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Tulips (Sylvia Plath)

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"Tulips" Electroshock treatment, recovery from a suicide attempt and miscarriage are only a few of the times Sylvia Plath was hospitalized. Plath's doctors diagnosed her with a combination of severe depression, acute insomnia and bipolar disorder (Griffin). The time she spent in the hospital and her mental illness are reflected in her poetry. The poem "Tulips" portrays the psychological impacts the narrator experiences after either a surgical procedure or a sickness. Against the patient's will, family, love, and human empathy cause her to return from a complete loss of self and resignation from the living world. Plath uses personification and vivid imagery to describe the patient's detachment from her identity, her loss of desire to live and psychological instability. In the first five stanzas of the poem the patient is slipping away, giving up her identity and spiraling closer to death. She is lying in a hospital, evident from the mentions of the nurses, the anesthetist and the surgeons. She no longer wants to live, for her the narcotic, near-death state she is in is peaceful, pure and an escape: "how free it is, you have no idea how free-". She compares her head to an eye that will not shut. This "eye" has to "take everything in"; which is metaphorical for the overwhelming effect life has on the patient. ...read more.


The impersonal contact with the medical staff contribute to the loneliness, the feeling of negation and emptiness and the patient's separation from the human world. Plath's depiction of the hospital setting may be a reflection of her own experiences. The patient's vulnerability to the medical procedures and treatments are potentially based Plath's treatments of electroshock therapy for psychiatric disorders. The side effects of these treatments are memory impairment and loss, confusion, and damages to the capacity of speech. This could explain for the patient's loss of identity and inability to communicate with the outside world. The electroshock therapy has taken away her memory, leaving her uncertain of her own self: "They have swabbed me clear of my loving associations". After electroshock treatment, memory slowly comes back to the patient the same way the narrator remembers her family when she looks at the picture of them and the tulips in her room spark memories. The patient's mentality highly correlates with his or her recovery. A patient who has no desire to fight for his or her life is less likely to survive than an optimistic patient. Although the narrator has no desire for life, her family and the tulips keep her from letting go. The guilt of abandoning her husband and child retain her from sinking: "Their smiles catch onto my skin, little smiling hooks". ...read more.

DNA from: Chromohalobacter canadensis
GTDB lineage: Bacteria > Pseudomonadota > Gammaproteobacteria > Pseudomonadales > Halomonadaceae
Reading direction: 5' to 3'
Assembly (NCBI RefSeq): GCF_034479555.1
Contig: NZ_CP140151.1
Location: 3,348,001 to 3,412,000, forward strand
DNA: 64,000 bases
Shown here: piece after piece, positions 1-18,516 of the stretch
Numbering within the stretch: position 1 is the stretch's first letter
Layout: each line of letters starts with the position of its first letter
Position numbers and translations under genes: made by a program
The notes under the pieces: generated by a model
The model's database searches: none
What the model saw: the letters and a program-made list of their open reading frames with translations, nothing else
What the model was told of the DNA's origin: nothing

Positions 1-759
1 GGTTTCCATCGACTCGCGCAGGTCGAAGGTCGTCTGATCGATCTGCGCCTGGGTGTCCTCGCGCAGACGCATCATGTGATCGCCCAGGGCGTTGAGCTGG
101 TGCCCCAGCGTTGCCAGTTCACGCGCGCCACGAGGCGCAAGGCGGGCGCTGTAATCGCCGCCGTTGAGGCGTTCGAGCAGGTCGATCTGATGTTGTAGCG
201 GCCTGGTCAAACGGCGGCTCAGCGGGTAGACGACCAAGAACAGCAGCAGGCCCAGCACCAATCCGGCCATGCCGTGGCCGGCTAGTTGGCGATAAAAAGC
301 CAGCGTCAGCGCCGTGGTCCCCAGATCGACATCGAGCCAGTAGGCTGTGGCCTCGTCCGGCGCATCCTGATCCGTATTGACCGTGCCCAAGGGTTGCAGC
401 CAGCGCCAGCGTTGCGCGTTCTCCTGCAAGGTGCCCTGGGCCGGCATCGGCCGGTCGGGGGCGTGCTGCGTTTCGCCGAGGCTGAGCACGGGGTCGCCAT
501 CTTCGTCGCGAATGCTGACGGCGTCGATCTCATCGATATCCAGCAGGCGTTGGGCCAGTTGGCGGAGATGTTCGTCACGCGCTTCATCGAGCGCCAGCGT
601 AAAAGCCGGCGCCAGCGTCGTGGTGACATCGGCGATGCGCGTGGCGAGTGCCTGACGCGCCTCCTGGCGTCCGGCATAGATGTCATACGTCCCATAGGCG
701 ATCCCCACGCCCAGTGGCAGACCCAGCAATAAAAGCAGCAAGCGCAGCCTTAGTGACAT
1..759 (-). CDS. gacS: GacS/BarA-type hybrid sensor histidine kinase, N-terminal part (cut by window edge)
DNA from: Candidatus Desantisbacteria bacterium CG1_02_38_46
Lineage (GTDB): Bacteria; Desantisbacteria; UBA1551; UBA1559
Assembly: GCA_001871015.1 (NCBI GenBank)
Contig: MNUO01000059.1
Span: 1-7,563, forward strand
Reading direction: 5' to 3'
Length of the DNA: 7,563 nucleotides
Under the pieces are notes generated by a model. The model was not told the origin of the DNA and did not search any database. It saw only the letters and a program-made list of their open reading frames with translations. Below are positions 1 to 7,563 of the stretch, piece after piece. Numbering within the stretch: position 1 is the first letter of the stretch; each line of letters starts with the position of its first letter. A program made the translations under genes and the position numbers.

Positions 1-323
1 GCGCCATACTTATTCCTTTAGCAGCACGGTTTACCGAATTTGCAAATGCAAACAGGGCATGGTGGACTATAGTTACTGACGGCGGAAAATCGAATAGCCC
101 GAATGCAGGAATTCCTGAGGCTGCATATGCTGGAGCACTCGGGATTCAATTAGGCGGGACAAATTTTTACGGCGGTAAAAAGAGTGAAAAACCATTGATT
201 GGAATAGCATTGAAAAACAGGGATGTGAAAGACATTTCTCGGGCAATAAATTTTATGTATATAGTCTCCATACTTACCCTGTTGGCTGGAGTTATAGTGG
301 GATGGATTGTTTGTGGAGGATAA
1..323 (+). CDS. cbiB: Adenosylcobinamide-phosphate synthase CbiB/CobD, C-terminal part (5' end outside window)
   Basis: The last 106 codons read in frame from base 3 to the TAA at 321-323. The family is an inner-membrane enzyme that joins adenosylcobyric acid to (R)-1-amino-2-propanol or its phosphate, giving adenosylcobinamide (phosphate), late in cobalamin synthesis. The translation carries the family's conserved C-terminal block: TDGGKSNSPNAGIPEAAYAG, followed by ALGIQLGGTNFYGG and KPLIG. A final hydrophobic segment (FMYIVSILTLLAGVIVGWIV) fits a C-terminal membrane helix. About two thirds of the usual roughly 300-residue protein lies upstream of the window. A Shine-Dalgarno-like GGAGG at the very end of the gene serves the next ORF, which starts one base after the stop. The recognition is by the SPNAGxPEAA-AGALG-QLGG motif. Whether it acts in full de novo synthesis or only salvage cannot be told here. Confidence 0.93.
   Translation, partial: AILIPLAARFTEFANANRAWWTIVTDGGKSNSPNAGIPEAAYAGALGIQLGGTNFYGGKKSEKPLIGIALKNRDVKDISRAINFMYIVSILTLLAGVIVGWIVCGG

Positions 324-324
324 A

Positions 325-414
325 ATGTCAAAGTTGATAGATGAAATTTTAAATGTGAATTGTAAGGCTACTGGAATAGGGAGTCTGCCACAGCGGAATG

Her body is no longer a "pebble" but a "sunken rust-red engine". The tulips come to life even more: "the tulips should be behind bars like dangerous animals". The narrator's desire to lock up the tulips is a representation of her protest against the restoration of health. Yet she becomes aware that life is inevitable: "I am aware of my heart: it opens and closes". The tone of the poem starts out as depressed and bleak then transforms into more dynamic and hopeful. The patient, although struggling, remains alive. The love from the people in the patient's life, symbolized by the red tulips, prevents her from "sinking". At the end of the poem she nowhere near well: "a country far away as health" but she is no longer a numb "shadow". The "salt water" she tastes is her own tears; she is finally feeling something. The style, diction and literary technique Plath uses in the poem reflect her own horrors of mental illness and hospitalization. There is little structure to the poem; each stanza varies in meter. The lack of organization in each stanza is a reflection of the confusion and loss of control that the speaker feels. The only structure shared between the stanzas is the abundance of punctuation. Her extensive use of enjambment creates a slow rhythm throughout the poem, mirroring the patient's life slowly dragging on: "Coming and going, breath by breath". ...read more.

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